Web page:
Whirlpool Galaxy

This image, which has been greatly reduced in resolution here, only hints at the amazing detail in the new Hubble Space Telescope Advanced Camera for Surveys' view of the Whirlpool Galaxy (Messier 51).

Courtesy NASA, ESA, S. Beckwith (STScI), and The Hubble Heritage Team (STScI/AURA).

The week marks the 15th birthday for the most important instrument in modern astronomy — the 2.4-meter Hubble Space Telescope. On April 25, 1990, Space Shuttle Discovery astronauts released the school-bus-size telescope into Earth orbit. Despite controversy about its future and aging parts, the instrument continues to add to its archive of more than 700,000 images.

Eagle Nebula

This Hubble Space Telescope view shows a portion of the Eagle Nebula (Messier 16). The image has been vastly reduced in resolution and only hints at the incredible detail in the full-resolution image from the Advanced Camera for Surveys.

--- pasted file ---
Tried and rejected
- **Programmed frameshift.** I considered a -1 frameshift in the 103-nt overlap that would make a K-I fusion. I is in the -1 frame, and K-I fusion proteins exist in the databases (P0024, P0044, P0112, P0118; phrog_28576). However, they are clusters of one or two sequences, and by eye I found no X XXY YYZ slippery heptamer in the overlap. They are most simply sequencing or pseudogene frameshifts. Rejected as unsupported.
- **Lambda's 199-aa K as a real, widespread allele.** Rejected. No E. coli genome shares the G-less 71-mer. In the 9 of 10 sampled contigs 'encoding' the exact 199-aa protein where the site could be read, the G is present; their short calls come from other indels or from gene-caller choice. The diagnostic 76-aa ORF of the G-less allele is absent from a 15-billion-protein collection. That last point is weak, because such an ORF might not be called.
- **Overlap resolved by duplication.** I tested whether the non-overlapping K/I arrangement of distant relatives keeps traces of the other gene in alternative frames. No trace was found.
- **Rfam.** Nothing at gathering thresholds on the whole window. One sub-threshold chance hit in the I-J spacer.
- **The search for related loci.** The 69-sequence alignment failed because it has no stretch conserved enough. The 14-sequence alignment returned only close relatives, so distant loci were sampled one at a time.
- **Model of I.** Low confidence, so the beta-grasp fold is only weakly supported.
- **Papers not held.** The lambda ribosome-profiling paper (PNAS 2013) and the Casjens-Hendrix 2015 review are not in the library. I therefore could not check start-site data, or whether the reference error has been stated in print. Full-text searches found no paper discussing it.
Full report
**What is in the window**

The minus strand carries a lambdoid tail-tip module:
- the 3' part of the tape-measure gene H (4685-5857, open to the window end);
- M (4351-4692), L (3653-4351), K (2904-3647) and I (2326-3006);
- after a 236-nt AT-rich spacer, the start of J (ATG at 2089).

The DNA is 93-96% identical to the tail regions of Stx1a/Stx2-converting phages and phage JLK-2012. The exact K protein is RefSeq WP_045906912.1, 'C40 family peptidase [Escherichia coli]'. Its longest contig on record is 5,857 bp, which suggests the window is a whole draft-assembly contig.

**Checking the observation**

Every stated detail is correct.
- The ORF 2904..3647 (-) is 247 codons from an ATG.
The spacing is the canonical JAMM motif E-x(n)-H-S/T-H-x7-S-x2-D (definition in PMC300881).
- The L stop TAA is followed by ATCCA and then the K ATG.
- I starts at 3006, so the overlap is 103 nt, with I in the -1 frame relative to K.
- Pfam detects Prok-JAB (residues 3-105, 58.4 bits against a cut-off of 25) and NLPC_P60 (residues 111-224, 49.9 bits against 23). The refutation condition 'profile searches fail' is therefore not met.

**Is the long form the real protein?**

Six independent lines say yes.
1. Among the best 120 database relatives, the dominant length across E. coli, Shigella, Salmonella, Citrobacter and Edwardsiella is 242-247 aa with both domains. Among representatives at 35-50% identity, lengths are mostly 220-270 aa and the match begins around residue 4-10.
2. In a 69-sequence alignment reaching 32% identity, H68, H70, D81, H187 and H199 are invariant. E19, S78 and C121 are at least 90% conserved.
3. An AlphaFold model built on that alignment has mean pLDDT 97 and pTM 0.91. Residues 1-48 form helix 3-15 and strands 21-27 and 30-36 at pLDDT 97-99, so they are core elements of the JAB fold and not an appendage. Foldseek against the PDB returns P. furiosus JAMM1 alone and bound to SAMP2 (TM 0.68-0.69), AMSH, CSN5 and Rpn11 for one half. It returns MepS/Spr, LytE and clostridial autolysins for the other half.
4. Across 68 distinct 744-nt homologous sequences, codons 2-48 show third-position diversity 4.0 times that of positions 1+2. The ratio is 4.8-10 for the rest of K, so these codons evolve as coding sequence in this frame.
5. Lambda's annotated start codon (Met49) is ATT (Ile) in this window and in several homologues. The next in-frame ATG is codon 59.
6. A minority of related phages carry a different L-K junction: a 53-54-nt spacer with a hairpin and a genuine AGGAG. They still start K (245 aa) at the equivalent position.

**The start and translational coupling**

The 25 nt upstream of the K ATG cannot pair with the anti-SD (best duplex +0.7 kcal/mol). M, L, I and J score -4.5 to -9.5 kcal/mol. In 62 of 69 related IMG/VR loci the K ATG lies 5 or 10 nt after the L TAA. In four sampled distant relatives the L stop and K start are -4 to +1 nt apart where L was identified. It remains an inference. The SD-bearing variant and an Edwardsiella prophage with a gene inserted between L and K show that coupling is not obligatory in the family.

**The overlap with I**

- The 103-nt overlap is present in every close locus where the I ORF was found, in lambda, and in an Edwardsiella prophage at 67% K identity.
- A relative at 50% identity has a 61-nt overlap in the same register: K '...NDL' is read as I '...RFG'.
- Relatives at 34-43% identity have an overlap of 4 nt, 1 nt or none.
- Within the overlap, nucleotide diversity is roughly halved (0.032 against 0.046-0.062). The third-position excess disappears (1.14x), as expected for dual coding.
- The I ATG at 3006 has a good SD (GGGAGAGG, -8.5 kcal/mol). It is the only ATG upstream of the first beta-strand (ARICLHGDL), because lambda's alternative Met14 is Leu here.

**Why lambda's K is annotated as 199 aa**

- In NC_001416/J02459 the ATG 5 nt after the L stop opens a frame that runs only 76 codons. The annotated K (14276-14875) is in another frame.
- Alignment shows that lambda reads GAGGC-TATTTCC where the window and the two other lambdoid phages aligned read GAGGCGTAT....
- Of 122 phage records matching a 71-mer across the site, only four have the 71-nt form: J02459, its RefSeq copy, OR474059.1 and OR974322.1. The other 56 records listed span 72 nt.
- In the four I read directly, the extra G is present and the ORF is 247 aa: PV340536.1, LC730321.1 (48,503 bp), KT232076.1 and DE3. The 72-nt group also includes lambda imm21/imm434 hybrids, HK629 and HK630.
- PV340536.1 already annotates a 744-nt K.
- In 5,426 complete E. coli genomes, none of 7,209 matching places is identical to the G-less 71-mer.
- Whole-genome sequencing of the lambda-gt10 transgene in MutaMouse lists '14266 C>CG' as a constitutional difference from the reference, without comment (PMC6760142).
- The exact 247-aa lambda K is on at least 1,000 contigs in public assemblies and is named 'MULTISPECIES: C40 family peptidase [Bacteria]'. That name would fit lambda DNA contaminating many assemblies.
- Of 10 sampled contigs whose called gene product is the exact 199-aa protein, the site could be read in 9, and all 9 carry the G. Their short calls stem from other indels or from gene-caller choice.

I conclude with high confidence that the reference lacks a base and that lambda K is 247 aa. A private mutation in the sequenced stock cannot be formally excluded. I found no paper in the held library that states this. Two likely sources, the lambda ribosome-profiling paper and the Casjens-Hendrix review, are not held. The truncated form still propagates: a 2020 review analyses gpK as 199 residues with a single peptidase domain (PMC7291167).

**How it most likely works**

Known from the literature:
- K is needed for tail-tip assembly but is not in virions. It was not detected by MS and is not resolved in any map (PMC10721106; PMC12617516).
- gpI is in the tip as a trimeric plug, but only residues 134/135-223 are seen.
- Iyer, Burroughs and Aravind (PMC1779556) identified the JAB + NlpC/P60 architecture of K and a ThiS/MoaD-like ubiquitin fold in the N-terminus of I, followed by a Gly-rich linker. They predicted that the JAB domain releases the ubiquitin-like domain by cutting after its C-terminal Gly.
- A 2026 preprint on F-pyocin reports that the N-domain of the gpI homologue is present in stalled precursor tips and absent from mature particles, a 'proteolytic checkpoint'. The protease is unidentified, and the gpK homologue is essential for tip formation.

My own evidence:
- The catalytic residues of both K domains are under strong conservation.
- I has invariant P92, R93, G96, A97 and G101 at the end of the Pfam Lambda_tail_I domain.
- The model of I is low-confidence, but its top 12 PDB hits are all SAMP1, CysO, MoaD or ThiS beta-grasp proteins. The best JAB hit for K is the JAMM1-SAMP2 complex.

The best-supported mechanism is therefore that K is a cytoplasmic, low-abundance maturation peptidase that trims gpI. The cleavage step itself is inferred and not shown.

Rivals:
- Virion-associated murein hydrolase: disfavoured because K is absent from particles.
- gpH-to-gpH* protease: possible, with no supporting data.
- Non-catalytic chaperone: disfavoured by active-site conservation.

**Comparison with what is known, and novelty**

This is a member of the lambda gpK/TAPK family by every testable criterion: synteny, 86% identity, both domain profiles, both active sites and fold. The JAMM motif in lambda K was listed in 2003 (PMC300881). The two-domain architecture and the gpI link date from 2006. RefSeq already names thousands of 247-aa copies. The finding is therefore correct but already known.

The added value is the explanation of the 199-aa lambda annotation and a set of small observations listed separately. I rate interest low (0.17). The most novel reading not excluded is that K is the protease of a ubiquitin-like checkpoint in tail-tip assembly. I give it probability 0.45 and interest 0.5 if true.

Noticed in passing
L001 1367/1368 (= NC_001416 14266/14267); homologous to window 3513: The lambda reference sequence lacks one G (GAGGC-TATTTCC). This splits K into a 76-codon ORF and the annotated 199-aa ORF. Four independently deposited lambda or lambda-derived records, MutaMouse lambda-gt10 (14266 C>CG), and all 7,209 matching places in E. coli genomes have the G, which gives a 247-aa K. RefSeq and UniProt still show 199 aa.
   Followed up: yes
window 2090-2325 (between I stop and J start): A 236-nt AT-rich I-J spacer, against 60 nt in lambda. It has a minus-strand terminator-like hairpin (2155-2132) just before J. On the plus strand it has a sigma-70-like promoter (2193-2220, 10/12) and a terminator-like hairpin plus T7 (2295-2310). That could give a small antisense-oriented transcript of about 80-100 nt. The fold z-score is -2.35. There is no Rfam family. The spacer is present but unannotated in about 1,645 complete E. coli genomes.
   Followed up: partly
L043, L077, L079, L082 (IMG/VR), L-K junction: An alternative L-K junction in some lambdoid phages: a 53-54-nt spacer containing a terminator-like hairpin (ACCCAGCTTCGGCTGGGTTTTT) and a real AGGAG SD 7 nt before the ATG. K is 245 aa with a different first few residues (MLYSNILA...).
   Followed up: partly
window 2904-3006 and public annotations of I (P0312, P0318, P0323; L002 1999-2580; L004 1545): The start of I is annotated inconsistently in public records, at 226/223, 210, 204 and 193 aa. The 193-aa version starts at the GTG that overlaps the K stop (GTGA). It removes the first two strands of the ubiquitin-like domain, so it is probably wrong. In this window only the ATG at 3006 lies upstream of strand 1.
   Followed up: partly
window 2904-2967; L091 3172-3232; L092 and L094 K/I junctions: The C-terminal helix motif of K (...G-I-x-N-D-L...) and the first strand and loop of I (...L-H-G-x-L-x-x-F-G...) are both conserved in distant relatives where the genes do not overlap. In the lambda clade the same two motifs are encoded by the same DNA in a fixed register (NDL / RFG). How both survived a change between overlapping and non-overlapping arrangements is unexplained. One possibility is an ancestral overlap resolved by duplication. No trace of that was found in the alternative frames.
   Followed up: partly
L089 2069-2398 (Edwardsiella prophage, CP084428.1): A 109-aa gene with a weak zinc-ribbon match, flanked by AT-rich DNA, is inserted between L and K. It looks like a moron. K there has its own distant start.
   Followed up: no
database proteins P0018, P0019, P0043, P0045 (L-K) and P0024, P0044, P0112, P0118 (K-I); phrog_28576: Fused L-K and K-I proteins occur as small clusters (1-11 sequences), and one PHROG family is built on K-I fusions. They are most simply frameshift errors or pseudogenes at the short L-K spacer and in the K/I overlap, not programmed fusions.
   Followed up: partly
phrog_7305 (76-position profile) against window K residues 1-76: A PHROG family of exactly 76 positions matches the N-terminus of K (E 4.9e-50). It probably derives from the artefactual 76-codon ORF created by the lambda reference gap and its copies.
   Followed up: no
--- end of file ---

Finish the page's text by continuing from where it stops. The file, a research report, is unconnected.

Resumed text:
Courtesy NASA, ESA, and The Hubble Heritage Team (STScI/AURA).

To celebrate its birthday, the team at the Space Telescope Science Institute (STScI) in Baltimore, Maryland, Hubble's operational home, unveiled two magnificent new images of classic astronomy scenes: the Whirlpool Galaxy (Messier 51) in Canes Venatici and a column of gas in the Eagle Nebula (Messier 16) in Serpens, home to Hubble's earlier, epic image, the "Pillars of Creation."

Both images are available in various sizes up to the 100+ megabyte full-resolution, mural-sized versions at the STScI Web site.

Other Web sites have created online interactive ways to explore the images.


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